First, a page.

About the Seasonal Flu Shot...
The seasonal flu (or influenza) is a highly contagious respiratory illness that afflicts an average of 5-20 percent of our nation’s population each year resulting in 36,000 annual deaths and 200,000 yearly hospitalizations.
The highest number of cases are typically reported between October and April. Getting the seasonal flu shot before the seasonal flu season is the best way to protect yourself. A new seasonal flu vaccine is made each year because the seasonal flu virus tends to change each seasonal flu season. For this reason, it is necessary to get a seasonal flu shot every year. To give your body time to build the proper defense, it is recommended that you get vaccinated early in the flu season, preferably between September and November.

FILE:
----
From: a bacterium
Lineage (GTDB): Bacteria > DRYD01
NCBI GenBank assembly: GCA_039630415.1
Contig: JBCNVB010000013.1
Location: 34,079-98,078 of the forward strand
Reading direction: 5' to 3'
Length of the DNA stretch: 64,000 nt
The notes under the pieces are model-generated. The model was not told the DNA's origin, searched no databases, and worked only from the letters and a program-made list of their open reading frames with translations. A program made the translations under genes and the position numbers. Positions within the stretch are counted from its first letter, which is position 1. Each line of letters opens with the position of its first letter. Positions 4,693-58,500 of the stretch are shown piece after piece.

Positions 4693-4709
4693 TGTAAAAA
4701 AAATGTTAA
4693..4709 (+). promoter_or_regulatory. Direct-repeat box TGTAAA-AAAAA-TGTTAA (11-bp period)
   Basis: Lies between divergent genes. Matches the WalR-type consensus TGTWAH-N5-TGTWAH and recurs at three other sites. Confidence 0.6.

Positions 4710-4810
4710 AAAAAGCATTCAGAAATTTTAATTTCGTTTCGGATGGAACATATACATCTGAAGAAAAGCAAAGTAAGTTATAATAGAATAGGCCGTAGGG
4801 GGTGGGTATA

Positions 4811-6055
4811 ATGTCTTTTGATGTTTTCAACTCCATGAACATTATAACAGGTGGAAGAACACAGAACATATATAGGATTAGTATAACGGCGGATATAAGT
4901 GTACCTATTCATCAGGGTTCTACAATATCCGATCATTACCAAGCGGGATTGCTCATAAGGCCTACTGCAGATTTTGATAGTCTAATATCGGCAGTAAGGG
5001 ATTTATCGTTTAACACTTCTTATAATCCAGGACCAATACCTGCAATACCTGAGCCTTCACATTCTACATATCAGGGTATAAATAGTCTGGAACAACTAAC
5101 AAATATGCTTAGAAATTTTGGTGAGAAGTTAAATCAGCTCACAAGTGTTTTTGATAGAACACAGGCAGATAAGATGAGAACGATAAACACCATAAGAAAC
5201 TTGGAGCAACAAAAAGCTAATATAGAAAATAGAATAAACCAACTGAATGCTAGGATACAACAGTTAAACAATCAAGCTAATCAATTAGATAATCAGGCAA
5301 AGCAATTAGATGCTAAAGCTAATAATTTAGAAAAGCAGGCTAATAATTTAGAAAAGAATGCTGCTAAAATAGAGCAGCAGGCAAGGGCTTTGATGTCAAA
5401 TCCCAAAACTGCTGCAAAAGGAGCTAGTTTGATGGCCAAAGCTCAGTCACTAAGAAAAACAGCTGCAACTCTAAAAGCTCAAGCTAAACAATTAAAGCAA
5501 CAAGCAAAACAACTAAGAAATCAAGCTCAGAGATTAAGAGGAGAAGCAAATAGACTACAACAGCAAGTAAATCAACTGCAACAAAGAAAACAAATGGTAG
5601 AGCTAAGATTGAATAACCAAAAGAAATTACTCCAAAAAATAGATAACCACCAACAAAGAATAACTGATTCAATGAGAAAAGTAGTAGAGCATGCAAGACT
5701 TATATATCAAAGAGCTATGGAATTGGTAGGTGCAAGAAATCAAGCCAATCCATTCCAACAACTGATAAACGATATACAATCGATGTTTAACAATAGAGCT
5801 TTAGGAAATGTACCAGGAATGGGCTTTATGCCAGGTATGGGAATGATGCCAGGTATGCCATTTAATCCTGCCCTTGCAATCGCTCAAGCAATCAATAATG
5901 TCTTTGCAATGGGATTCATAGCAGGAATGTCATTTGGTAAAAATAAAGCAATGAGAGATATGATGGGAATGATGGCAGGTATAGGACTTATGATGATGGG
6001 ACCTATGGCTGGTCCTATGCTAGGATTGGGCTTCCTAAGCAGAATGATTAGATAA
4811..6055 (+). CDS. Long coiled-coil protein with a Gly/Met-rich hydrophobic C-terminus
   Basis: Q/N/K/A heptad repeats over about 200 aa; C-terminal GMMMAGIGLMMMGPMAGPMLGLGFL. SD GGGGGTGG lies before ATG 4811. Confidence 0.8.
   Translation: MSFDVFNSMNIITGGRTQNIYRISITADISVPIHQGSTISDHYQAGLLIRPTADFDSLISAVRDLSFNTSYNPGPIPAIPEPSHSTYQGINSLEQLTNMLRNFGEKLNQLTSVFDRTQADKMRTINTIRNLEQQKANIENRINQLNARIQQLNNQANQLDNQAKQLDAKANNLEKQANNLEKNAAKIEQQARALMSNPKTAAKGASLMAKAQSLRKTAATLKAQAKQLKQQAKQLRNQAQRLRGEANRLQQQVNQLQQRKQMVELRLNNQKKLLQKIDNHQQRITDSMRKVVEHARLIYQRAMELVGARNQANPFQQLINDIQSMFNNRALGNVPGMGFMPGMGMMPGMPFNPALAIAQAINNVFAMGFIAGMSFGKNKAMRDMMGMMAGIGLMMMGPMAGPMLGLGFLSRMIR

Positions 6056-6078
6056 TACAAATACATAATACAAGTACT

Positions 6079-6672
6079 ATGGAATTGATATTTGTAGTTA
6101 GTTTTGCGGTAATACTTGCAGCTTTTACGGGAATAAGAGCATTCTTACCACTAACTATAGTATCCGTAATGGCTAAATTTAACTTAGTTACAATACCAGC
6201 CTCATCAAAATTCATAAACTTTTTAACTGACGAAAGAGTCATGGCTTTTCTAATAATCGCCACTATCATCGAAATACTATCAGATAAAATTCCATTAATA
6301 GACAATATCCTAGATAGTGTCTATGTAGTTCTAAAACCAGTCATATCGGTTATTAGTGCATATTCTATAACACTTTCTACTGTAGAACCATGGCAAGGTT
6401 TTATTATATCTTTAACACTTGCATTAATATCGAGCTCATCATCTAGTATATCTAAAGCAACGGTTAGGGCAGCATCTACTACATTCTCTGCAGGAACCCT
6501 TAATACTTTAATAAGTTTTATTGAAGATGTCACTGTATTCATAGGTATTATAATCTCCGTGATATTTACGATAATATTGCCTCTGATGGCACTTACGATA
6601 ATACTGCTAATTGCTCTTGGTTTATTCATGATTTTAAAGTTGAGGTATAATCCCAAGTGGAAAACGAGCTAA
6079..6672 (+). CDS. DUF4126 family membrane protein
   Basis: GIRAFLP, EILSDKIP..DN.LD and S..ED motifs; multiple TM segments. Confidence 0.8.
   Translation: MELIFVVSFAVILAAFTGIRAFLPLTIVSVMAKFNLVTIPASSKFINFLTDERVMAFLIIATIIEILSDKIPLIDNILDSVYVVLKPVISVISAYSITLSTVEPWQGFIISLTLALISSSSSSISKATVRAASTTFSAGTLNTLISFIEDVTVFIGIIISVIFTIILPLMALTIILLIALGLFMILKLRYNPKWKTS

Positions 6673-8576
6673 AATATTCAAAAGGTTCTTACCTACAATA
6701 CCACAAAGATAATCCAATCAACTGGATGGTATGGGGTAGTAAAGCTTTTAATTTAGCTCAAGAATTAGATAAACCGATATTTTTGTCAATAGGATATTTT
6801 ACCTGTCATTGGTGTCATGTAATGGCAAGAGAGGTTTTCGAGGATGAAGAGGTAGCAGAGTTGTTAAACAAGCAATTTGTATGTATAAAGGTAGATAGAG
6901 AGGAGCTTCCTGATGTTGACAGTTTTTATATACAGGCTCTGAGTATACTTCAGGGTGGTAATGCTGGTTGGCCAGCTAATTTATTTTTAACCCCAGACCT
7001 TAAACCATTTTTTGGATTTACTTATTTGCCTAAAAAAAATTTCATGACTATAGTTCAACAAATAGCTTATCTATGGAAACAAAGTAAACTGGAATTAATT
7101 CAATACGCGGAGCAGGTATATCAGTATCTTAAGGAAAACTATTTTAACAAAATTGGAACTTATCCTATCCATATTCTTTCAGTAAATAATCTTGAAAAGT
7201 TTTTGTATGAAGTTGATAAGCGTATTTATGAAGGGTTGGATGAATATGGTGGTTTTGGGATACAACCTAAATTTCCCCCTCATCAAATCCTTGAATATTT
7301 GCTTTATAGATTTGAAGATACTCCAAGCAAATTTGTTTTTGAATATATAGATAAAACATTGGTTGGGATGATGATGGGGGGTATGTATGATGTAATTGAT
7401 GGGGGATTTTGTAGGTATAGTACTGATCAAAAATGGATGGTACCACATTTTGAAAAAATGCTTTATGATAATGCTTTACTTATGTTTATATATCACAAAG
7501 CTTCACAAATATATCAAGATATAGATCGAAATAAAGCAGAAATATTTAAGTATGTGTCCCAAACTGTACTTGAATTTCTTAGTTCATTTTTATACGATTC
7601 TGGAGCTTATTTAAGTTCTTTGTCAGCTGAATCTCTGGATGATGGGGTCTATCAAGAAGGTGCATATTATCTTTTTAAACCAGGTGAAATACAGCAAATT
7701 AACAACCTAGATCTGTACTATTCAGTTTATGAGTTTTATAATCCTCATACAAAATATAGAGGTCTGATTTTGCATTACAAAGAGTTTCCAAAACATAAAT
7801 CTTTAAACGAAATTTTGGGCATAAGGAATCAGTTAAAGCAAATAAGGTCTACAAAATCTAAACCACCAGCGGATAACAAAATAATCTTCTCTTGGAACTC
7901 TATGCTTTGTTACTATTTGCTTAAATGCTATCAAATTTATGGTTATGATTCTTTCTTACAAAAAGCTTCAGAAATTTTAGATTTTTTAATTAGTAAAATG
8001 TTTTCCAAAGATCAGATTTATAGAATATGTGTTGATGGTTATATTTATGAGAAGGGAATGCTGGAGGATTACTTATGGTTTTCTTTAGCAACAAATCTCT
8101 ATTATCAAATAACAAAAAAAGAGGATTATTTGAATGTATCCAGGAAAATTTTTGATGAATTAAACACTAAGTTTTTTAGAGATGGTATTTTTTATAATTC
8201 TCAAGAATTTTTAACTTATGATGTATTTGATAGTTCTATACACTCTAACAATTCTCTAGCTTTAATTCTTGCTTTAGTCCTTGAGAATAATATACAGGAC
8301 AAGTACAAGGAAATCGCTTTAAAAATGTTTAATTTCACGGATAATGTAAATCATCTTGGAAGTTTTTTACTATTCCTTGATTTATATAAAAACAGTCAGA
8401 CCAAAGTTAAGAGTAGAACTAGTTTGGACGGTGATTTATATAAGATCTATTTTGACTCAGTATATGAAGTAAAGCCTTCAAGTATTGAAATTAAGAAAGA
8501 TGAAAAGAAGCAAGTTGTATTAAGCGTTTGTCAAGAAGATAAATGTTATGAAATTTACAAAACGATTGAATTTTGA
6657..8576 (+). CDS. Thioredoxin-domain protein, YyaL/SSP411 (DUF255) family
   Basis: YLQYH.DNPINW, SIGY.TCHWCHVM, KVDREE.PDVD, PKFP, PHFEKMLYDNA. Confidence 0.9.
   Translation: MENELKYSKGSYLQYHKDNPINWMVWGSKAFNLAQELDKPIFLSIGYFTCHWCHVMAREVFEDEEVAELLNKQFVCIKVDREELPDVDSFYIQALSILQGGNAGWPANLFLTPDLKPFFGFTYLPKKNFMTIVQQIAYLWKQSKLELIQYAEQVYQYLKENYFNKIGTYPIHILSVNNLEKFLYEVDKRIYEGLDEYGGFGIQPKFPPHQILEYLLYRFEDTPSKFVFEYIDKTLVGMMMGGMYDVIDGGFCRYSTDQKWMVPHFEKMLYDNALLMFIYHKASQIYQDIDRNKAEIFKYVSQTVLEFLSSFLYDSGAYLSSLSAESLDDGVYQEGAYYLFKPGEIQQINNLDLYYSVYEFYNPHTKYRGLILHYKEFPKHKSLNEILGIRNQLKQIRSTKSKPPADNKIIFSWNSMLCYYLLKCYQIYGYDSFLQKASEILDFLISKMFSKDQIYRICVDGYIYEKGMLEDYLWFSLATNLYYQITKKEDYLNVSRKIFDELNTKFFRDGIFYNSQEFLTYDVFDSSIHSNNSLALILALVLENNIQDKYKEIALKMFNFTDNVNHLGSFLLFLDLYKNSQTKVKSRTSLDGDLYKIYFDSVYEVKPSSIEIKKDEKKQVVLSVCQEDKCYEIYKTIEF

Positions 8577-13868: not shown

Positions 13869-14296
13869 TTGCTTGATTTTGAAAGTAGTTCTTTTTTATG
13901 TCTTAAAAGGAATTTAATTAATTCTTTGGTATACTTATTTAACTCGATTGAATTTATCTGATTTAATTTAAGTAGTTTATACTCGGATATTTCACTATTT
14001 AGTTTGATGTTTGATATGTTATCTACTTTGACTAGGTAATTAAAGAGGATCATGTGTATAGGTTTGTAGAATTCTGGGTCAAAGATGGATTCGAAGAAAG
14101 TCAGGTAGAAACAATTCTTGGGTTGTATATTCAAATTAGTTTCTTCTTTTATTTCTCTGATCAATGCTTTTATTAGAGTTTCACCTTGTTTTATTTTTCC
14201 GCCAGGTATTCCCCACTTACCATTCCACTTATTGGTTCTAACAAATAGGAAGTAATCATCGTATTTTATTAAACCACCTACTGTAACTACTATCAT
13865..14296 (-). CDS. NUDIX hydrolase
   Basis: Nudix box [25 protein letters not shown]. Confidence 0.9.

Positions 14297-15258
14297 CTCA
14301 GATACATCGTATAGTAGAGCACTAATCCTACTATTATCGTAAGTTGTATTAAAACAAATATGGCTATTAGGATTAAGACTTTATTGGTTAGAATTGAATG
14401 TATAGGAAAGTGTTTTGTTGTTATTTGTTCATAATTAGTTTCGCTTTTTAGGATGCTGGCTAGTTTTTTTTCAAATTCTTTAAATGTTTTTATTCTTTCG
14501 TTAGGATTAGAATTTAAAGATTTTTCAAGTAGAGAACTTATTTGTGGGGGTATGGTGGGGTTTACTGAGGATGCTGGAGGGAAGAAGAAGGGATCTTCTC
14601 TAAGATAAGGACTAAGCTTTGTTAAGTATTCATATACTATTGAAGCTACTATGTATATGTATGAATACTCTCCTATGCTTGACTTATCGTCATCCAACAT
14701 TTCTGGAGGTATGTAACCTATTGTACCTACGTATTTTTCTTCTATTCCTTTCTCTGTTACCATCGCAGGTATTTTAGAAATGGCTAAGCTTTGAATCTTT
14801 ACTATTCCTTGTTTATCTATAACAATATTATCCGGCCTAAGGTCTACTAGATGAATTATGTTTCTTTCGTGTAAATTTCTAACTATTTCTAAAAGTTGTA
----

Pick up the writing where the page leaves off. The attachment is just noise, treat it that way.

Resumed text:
Side effects from seasonal flu shots, if any, are slight for most people. Some people may notice a little redness, tenderness or swelling where the shot was given. You cannot get the seasonal flu from the seasonal flu shot. People who are allergic to eggs should consult with their doctor before getting a seasonal flu shot.
Residents at high risk for complications from infection are encouraged to get vaccinated:
Children ages 6 months to 18 years are also encouraged to receive a flu vaccination. (Parents/guardians should consult their child’s physician)
About the "Pneu Shot"...
To protect yourself from pneumococcal disease, adults who are 65 or older should get the pneumococcal shot. It's safe, it works, and it lasts most people a lifetime. People who get the shot are protected against almost all of the bacteria that cause pneumococcal disease. Even if you have had pneumonia in the past, you may still need the pneumococcal shot. It does not protect against viral pneumonia. Most people need to get the shot only once, but older people may need to get a booster. Check with your doctor.
Some people may have mild side effects from the shot, such as a little redness, swelling or tenderness at the injection site. The pneumococcal shot cannot cause pneumonia.
Check with your health care provider for vaccine availability.